Photo: Kent Smith/Showtime
The New York Review of Books has commissioned another of its delightful highbrow television essays, and Lorrie Moore — who wrote so lovingly about Friday Night Lights for the same publication — is back to discuss Homeland. Moore loved the first season; she was particularly moved by the Sergeant Brody flashbacks and the way Mandy Patinkin sing-talks his lines. She applauds Claire Danes for her lack of vanity. She thinks Dana is terrific, a “serious actress” in the making. But just like the rest of Homeland’s vocal fans, Lorrie Moore was not onboard with season two. More specifically, Lorrie Moore thinks the Carrie–Brody relationship is total nonsense.
“Awkward and unlikely love can be trumped by genuine sparks,” she writes, “but viewers will sense a lack of chemistry between Lewis and Danes, two otherwise gifted performers.” She finds everything about their connection implausible, but she really, really hated that icky-love cabin scene in the finale.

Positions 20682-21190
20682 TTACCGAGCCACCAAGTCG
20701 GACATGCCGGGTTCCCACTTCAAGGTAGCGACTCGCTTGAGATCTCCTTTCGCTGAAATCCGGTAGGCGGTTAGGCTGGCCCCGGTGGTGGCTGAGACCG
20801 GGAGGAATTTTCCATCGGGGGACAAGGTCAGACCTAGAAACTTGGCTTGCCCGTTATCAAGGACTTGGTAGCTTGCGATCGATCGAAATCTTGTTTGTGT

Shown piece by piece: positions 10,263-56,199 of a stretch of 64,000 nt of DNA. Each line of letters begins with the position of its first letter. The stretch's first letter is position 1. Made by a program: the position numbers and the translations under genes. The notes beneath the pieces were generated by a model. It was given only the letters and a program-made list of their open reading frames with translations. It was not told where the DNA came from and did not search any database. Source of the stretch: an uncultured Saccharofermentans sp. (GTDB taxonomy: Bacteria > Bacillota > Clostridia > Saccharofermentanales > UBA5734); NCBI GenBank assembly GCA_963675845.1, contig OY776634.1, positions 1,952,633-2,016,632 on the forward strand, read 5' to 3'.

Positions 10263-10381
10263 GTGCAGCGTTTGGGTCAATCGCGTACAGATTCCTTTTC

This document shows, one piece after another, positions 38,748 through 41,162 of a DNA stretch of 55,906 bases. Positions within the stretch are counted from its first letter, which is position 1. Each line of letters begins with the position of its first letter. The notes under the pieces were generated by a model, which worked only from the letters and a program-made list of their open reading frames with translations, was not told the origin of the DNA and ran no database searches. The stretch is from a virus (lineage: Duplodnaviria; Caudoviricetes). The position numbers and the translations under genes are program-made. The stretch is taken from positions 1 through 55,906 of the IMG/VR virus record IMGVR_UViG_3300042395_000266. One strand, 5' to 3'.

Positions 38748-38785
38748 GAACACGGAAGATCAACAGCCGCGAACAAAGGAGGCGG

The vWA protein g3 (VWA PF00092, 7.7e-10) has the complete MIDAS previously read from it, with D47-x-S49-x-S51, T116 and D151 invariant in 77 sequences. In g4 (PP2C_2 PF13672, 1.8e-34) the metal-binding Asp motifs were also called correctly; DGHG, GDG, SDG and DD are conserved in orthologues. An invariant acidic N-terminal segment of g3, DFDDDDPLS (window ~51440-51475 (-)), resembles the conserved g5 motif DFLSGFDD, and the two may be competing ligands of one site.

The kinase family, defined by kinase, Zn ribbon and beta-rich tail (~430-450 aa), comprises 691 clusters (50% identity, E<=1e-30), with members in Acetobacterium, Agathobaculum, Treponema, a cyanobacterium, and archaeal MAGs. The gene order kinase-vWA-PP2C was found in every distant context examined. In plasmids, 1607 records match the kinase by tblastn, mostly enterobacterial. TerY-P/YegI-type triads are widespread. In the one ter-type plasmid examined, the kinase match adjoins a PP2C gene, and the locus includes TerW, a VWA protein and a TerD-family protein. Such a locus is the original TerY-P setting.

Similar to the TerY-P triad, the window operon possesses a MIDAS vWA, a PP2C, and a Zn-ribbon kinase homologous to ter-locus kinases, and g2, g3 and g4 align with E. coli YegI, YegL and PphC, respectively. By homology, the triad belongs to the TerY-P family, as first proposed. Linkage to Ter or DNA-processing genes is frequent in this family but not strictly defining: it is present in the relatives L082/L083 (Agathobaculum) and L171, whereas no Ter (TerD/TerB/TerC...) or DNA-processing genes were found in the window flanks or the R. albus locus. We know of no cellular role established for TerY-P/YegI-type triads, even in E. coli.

Give Danes and Lewis a country cabin, a roaring fire, and a bottle of wine, and we feel only anxiety. The confessing of life secrets seems therapeutic and expository rather than intimate, and Carrie’s irritated “You interrupted me” startles before the hearth. Creepy cello music in the background does nothing to assist.
Then she specifically refutes Alex Gansa’s bit about Carrie and Brody as star-crossed lovers.
This is not true: they lack mutual trust or any palpable erotic vibe. They are not bonded and they part without any persuasive anguish — or, rather, they briefly cling then separate, their anguish only sketchily enacted. There won’t be a damp eye in the house.
So don’t invite Lorrie Moore to your Homeland Slash Fic Conference. She’s not buying it.